Labyrinth 3D Is One Of The Most Addictive iPhone Games I’ve Seen


There is games on the Apple iPhone that I find are extremely addictive.  It is called Labyrinth 3D. In this game, you control a metallic ball and roll it around a wooden board using the iPhone’s accelerometer.  You have to make sure that the ball makes it to the right hole and doesn’t fall in the trap holes.

The Lite versions of the game is free. This is the perfect time pass when riding on a train or plane.  I found myself even getting bored during the commercials for the Oscars and played it.

To find the games search for “Labyrinth 3D” on iTunes or on your iPhone/iPod Touch.  Wooden Labyrinth 3D is currently $2.99.

I noticed that the name behind the game on iTunes is Elias Pietilä so I reached out to him to find out what the story behind the game is.  Elias was kind enough to give me an interview with him.

Amit: What is the story behind the game?
Elias: The beginning of Wooden Labyrinth 3D was actually a combination of four separate factors. Firstly, I had just finished my first iPhone game, Pajatzo, which quickly dominated the Finnish App Store as the best selling App. It’s actually still doing well over here, months later, but I realized then and there that there was no money in the domestic market. I needed a game that was universally recognizable. Well, I had been wowed by other labyrinth games before, but also been disappointed that their walls weren’t rendered based on the tilt. I mean, after seeing the famous “Wii head-tracking” videos, I felt the labyrinth titles fell short of their potential. However, I had no clue how to achieve an effect like that in practice, as I had almost no experience with OpenGL. Then I happened to bump into Pangea Software’s “Ultimate Game Programming Guide for Mac OS X”. There was plenty of interesting material in the guide, but what really struck my eye was the code that allowed them to make stereo games (the types you play with glasses). I figured the effect was close enough for what I wanted in my labyrinth, and decided to give it a go. A month later, the game was finished.

Amit: You have a team of people all working on the application, how did you bring this team together to all work on this project?
Elias: The team was assembled quite ad hoc. I needed sounds and my friend at the university – Tapani – works in the audio lab. It was pretty much a no brainer to ask for his assistance, especially after he provided the sounds for Pajatzo. Later he contributed to the level making as well, and commissioned the music from his friends. My other level designer lives quite far away from my humble home in Finland. I bumped into him on youtube, after he reviewed Pajatzo. I asked him whether he would like to give a hand with the next game – he then agreed to make some levels and market the game.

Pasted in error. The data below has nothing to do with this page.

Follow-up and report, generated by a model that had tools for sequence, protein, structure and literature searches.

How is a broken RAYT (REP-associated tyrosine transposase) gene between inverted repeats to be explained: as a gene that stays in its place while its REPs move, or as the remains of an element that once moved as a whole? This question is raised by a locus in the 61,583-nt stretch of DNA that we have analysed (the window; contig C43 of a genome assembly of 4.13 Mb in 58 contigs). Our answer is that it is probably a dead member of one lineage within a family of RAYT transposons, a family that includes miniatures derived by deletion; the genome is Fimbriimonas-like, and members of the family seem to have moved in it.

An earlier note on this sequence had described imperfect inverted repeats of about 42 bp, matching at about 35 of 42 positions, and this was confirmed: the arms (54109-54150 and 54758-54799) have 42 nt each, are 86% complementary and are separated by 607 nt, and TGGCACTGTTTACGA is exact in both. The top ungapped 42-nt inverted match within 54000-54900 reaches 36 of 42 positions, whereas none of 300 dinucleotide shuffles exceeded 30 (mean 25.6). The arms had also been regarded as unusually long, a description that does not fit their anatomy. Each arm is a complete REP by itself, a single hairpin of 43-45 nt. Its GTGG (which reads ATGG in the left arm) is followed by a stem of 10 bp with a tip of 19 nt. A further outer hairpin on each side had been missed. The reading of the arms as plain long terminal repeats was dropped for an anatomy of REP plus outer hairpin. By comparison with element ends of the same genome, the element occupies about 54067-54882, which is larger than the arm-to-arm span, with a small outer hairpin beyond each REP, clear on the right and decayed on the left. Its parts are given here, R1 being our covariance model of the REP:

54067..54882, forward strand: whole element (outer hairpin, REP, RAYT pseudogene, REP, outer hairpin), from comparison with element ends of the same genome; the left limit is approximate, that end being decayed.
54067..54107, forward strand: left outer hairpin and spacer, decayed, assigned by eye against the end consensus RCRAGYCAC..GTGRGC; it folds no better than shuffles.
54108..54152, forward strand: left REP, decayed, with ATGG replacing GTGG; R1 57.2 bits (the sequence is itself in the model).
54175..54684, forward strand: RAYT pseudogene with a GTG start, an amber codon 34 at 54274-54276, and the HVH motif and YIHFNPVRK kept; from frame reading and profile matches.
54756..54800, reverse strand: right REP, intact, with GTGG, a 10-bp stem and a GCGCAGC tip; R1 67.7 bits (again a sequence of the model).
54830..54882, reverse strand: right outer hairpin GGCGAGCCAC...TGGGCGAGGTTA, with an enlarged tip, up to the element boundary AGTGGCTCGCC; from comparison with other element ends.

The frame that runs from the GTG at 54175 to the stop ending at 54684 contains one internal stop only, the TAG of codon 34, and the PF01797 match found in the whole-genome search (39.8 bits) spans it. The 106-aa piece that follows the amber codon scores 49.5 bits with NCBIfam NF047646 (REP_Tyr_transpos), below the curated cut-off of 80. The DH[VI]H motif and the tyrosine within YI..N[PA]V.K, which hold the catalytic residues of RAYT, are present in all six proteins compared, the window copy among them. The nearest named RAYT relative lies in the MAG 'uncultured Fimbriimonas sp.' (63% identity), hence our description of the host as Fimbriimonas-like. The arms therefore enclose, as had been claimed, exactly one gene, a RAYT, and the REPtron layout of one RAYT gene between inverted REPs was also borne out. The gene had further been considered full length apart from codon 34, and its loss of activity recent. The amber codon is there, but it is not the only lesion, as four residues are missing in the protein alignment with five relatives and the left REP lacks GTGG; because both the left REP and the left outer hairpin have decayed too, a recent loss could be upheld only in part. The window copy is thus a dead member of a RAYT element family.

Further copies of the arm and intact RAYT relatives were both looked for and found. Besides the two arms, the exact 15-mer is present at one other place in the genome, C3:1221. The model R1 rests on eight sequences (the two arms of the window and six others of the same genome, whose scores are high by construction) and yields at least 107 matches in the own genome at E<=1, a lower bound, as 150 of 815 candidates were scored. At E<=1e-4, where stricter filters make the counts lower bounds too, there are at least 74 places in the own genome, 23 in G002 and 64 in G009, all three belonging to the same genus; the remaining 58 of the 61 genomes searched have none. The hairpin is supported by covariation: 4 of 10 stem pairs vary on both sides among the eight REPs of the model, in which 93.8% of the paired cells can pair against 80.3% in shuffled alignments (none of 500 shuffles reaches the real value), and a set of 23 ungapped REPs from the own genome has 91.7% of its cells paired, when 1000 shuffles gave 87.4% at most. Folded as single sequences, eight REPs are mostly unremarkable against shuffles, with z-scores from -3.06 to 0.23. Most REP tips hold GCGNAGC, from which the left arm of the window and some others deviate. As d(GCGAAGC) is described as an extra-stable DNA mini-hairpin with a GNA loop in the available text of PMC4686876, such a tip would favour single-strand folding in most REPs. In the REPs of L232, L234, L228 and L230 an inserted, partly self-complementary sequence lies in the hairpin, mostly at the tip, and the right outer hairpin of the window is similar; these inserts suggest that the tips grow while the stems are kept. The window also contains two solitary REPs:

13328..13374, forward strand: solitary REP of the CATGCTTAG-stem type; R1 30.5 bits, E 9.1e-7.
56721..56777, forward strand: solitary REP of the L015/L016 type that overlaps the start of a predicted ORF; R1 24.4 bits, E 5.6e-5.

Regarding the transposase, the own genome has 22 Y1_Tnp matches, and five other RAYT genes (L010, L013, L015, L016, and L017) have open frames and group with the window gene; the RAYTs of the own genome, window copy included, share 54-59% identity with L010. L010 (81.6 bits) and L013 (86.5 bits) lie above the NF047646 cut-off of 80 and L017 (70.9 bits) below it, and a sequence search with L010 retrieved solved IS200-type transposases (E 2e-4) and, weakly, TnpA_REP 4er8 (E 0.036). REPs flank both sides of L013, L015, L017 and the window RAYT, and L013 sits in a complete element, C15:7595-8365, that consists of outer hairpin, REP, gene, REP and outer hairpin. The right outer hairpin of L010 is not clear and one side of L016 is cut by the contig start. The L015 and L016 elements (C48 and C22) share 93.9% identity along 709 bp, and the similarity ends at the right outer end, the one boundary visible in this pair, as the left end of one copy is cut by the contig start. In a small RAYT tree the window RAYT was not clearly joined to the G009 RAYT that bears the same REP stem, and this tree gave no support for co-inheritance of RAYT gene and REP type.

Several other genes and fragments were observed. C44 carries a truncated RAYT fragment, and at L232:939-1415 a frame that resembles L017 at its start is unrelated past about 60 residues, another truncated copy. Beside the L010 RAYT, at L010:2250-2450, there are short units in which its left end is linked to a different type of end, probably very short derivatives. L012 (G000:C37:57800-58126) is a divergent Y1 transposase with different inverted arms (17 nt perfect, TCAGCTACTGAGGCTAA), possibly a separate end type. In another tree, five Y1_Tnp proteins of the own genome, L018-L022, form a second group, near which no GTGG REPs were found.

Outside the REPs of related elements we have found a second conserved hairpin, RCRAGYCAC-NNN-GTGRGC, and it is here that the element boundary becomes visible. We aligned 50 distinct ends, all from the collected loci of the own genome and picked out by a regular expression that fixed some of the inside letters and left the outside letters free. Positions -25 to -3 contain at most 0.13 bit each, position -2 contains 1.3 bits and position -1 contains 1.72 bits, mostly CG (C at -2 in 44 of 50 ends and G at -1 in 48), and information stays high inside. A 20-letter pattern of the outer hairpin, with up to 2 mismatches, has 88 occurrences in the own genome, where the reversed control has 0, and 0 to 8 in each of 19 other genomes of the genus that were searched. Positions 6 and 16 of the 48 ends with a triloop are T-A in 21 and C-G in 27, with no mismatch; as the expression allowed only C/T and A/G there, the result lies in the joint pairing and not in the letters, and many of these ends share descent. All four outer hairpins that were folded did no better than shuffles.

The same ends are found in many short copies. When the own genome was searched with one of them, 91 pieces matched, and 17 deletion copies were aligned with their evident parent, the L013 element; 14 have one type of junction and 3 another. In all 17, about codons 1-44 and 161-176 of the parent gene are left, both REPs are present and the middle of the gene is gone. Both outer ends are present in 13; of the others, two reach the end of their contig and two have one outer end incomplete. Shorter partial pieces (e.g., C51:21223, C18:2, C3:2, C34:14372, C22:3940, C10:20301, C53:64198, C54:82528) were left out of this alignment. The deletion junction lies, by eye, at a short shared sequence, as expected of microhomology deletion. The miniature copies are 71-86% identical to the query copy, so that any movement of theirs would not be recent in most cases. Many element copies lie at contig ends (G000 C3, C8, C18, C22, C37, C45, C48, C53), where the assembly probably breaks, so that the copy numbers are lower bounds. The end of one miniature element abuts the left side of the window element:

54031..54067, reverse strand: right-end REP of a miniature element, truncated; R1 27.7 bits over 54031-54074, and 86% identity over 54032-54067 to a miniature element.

Amit: How well is the game selling on iTunes?

Elias: I quit my day job, to pursue iPhone development. At my age (22), I feel it’s a risk worth taking. The App is generating a fair bit of income. It’s selling a couple of hundred copies daily, but who knows how long that will last. It hasn’t gotten a feature in the App Store unlike many games selling worse/ having worse reviews, and I fear it is because of the saturated genre. Wooden Labyrinth 3D was extremely close to breaking top 100 games in the USA and it has done that at least in UK, France, Italy, Finland, Austria, Poland and Argentina. There is always hope however. (the lite shipped over 5800 copies on its first full day online… that’s a nice chunk!)

Amit: Thank you for the interview and I wish you the best of luck!

This article was written by Amit Chowdhry. You can follow me at @amitchowdhry or on Google+ at

Labyrinth 3D Is One Of The Most Addictive iPhone Games I’ve Seen Comments

  1. JCP says:

    I think someone is confused here. Elias Pietilä is the developer of the games “Wooden Labyrinth 3D” and “Wooden Labyrinth 3D Lite”. The games “Labyrinth” and “Labyrinth Lite Edition” are however developed by Codify AB, which is a totally separate entity. The 3D version came to the market later, and though it is more polished, it is not having the same caliber of success than the “Labyrinth” games. (which have shipped around 7 million copies)

  2. Amit Chowdhry says:

    Thanks for the clarification JCP. I adjusted the blog post so that there won’t be any confusion. The two games looked almost identical that I assumed that it was by the same people.

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